Based on the Nyad trailer, I made the assumption—and I suspect you did too—that Annette Bening and Jodie Foster were playing life partners, perhaps even spouses. I got it half right. They are life partners, but not of the romantic kind. Yes, they tried dating once back in the day—it didn’t take. Instead, they’ve been best friends for decades, the kind of best friends who know what the other is thinking without exchanging a word and can even read between the lines of what is said. (For example, when Bening’s Diana Nyad says she doesn’t want a surprise party for her 60th birthday, Foster’s Bonnie Stoll knows that means she actually does want one.) They love each other, they get on each other’s nerves. They have a casual physical intimacy. They fight, they make up—and have an easy, if prickly, rapport. Bonnie is particularly irked by Diana’s self-obsession, her tendency to self-mythologize. She interrupts Diana when she holds court at parties, sharing stories of her life of adventure, basically admonishing, “They’ve heard enough.”
But what a life of adventure it has been. As the film begins, Diana holds all sorts of records for long-distance swimming: Longest swim by a female. Longest swim without a wetsuit or a protective shark cage. Fastest swim around Manhattan. And so on.
She’s been retired from swimming for 30 years, spending her time as a television and radio correspondent (she has one of those gold ABC Wide World of Sports jackets hanging in her closet), writer, and motivational speaker.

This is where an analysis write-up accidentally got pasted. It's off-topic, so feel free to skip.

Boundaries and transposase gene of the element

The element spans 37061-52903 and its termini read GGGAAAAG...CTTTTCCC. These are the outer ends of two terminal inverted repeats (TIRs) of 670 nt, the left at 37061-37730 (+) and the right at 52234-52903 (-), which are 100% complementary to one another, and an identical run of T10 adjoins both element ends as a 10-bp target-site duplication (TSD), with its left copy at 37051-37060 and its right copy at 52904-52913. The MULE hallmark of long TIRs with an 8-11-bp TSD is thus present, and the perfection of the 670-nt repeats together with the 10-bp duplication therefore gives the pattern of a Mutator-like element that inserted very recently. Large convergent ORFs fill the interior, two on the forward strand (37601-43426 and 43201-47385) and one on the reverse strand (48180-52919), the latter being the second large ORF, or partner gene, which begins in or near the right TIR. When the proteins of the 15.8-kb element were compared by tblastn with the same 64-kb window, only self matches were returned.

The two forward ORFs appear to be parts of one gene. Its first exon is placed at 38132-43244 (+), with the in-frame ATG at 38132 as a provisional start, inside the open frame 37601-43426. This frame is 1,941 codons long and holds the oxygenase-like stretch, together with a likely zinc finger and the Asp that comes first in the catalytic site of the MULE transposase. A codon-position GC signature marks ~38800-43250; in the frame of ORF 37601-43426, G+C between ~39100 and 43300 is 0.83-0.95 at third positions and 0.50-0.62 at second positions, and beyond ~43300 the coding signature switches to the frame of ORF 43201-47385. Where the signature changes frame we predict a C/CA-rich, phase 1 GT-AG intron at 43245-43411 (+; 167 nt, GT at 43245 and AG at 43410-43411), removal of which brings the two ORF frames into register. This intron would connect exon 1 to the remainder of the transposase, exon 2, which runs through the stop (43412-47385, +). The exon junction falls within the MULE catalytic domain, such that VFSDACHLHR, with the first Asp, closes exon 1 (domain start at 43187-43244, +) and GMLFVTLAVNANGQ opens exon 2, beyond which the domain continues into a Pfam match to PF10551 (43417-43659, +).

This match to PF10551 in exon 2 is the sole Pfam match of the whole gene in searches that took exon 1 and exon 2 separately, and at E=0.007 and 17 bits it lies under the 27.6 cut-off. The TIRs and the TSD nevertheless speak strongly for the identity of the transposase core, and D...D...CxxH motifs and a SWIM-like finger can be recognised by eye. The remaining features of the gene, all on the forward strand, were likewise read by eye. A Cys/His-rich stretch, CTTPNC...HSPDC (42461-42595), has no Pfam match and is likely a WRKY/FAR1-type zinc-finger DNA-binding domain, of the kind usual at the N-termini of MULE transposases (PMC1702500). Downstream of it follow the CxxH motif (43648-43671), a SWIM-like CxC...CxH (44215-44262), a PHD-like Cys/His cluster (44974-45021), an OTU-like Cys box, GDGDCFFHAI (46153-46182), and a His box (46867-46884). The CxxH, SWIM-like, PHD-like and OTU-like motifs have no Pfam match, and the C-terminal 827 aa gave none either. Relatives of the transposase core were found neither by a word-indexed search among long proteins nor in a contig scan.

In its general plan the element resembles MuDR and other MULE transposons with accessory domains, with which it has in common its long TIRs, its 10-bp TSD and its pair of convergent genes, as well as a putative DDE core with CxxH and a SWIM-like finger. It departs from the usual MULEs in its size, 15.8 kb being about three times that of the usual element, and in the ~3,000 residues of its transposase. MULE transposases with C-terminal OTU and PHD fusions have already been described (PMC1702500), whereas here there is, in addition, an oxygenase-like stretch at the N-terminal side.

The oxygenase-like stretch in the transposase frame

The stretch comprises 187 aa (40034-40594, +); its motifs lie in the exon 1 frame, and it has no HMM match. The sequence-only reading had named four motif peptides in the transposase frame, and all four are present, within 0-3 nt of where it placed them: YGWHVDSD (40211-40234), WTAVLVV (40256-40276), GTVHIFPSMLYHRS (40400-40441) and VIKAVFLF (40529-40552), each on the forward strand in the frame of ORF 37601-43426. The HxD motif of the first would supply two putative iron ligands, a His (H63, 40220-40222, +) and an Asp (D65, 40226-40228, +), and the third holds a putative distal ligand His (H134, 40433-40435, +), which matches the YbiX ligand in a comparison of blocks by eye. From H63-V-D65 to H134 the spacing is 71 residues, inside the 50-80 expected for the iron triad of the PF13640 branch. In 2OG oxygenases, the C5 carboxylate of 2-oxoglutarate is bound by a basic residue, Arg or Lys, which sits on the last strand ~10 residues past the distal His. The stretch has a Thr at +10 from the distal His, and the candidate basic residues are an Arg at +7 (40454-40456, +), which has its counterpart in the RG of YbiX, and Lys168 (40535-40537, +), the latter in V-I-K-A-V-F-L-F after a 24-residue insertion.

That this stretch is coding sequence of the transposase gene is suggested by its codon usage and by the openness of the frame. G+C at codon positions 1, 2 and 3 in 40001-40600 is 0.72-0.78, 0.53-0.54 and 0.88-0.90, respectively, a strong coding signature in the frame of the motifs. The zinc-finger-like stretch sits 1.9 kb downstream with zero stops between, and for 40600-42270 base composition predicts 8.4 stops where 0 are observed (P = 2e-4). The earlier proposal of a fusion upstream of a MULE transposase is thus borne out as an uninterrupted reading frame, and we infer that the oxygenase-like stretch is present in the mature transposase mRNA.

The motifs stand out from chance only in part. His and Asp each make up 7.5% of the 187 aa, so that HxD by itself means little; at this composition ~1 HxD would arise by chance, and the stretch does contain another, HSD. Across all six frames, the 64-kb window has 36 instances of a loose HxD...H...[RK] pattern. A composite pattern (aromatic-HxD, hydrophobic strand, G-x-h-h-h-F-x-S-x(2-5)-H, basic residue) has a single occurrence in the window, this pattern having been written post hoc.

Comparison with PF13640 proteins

But she’s in a funk. She comes across the phrase, “What is your plan to do with your one wild and precious life” and repeats it to Bonnie.
“Mary Oliver,” Bonnie says.
“You know her?” Nyad responds.
“It’s famous,” Bonnie says, somewhat derisively. (See? Prickly.)
But Diana is haunted by the phrase. She’s already done a lot with her own wild and precious life, but she wants to do more. Specifically, there’s some unfinished business involving a swim from Havana to Key West—110 miles and 60 hours of swimming. She failed the last time she tried it, in 1978. But she wants to give it another go. And she wants Bonnie to be her coach.
Bonnie says no at first—it’s madness, Diana is too old, too out of practice—but eventually succumbs. It’s hard to say no to Diana. And Bonnie is secretly proud to be part of her friend’s historic journey.
So they begin. They train. They get a crew—a navigator (Rhys Ifans), an expert in sharks, another expert in jellyfish, an on-board medic, a captain, sponsors (Secret deodorant!).
And we watch Diana’s attempt to complete the 110 mile swim.
While the film, directed by extreme sports documentarians Jimmy Chin and Elizabeth Chai Vasarhelyi, is primarily about the relationship between Diana and Bonnie, it’s also very much about long distance swimming—and how insanely grueling it is. If you attempt such an improbable endeavor, you will need to shit in the water. You will need to eat through a tube. You will begin to hallucinate. (Bonnie instructs the crew to go with it). Your face will become chapped and burnt and your body will become bloated. You will lose all sense of time and space. You will be exhausted to the point of inertia (at one point, Diana just flops around the waves, like a buoy). And, oh yeah, you might get eaten by a shark or stung by a poisonous jellyfish. Are we having fun yet?